With over 20 individuals wanting to represent the Democratic Party in the 2020 presidential election, it is difficult for each to go in-depth on the controversial topics in such limited time. The first round of Democratic debates were split over two nights for each candidate to have proper time to explain their 2020 platform.
A local San Diego nonprofit, Youth Will, had two watch parties for high school and college-age students to watch the previous debates. These watch parties were designed to create dialogue among younger voters. Although turnout was high, reaching approximately 20 students, the students were left disappointed.
Many of the students were looking to learn more about the major topics, rather than each candidate’s specific position. Some of the sought after topics included healthcare, education, immigration, systemic racism, and gun control.
Students were hoping candidates would explain how any Democratic policies would be implemented should Trump lose the election. A transition from private healthcare to a nationalized system would be a burden on the industry as pointed out by San Diego State University student Rosie Ganley. The lack of substantive analysis has left young voters wary of how such changes would be implemented in a post-Trump era.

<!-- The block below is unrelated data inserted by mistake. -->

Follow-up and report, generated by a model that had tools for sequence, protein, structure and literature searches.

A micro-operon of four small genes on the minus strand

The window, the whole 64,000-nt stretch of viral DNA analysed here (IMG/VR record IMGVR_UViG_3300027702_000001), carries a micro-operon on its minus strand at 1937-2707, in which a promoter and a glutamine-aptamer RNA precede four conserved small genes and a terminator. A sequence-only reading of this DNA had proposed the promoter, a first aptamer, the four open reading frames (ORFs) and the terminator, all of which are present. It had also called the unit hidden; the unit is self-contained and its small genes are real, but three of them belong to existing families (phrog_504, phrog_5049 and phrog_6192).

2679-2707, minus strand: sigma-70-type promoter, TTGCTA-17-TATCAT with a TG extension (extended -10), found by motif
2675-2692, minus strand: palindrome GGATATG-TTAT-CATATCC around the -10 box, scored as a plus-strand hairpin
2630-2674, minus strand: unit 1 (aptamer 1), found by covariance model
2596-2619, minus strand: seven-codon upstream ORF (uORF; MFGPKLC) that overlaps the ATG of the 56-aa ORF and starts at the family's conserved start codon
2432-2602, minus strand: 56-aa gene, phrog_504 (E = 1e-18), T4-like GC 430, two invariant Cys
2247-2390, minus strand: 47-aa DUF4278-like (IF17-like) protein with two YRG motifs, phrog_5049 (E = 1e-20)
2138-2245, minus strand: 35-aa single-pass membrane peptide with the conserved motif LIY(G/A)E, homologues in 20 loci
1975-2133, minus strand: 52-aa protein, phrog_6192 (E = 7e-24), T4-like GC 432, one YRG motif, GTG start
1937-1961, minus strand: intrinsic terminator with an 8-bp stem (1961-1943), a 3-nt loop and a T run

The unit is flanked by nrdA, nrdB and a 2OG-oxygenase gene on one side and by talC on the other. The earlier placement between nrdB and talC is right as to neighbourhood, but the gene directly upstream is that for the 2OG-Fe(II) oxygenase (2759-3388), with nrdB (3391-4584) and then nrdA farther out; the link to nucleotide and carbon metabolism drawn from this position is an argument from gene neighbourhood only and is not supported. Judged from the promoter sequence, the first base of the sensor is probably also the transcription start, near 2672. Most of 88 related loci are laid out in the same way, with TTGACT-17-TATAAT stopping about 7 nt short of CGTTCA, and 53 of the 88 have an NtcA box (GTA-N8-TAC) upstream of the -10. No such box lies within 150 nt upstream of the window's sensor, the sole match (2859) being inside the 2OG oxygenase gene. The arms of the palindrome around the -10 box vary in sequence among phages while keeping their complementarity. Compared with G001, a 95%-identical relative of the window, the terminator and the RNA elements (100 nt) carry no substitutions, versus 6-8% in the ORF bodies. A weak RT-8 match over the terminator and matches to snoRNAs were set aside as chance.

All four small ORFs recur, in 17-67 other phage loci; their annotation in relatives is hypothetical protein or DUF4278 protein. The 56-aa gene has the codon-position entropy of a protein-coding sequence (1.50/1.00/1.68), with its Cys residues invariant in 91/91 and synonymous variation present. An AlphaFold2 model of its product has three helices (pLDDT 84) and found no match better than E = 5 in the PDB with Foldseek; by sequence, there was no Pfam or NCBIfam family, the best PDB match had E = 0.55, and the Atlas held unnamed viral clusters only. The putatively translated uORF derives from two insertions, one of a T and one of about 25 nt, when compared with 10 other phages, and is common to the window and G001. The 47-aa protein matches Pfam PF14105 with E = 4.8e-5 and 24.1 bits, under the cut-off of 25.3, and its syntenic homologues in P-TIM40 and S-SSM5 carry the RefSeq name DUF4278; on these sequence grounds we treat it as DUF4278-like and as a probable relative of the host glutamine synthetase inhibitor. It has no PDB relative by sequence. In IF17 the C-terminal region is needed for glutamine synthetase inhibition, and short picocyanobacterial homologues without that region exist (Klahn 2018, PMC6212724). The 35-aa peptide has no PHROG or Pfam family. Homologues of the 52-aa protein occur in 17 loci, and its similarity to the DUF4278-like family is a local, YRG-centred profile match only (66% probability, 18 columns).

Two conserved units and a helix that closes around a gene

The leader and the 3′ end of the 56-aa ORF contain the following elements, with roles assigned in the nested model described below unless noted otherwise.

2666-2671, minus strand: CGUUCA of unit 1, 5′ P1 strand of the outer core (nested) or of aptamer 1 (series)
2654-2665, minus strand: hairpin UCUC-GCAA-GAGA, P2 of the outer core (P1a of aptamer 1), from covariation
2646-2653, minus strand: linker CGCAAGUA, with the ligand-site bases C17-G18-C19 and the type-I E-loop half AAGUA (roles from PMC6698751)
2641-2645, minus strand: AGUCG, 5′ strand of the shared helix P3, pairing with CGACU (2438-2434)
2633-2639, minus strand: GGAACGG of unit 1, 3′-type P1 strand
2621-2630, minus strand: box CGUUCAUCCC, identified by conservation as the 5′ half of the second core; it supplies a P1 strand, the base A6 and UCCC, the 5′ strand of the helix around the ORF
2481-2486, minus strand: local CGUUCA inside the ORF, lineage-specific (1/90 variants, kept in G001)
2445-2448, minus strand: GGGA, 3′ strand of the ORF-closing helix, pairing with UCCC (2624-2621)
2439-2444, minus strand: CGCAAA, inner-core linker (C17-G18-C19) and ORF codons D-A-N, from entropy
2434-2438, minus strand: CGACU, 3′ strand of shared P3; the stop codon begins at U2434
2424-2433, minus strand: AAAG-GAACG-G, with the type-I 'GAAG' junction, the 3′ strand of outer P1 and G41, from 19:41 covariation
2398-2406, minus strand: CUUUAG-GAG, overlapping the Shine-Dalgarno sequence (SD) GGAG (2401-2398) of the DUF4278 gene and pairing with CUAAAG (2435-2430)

The lack of new talking points from the presidential candidates was a major let down for these local students. A soon to be a student at SDSU, Dalia Villa, was disappointed that no new information was brought to the stage when it came to gun control and immigration. Villa pointed out the obvious: “A lot of them said the same thing over and over.”
Similar to Beto O’Rourke’s memorized Spanish speech, the lack of content in the two-night debate did not go unnoticed. These early indicators have proven that the 2020 Democratic candidates are underprepared and have yet to find a foundation for their campaigns. The candidates will need to do more than just memorizing a speech that sounds appealing, including going in-depth on the issues that will determine the 2020 presidential election.
Photo by Lucas Sankey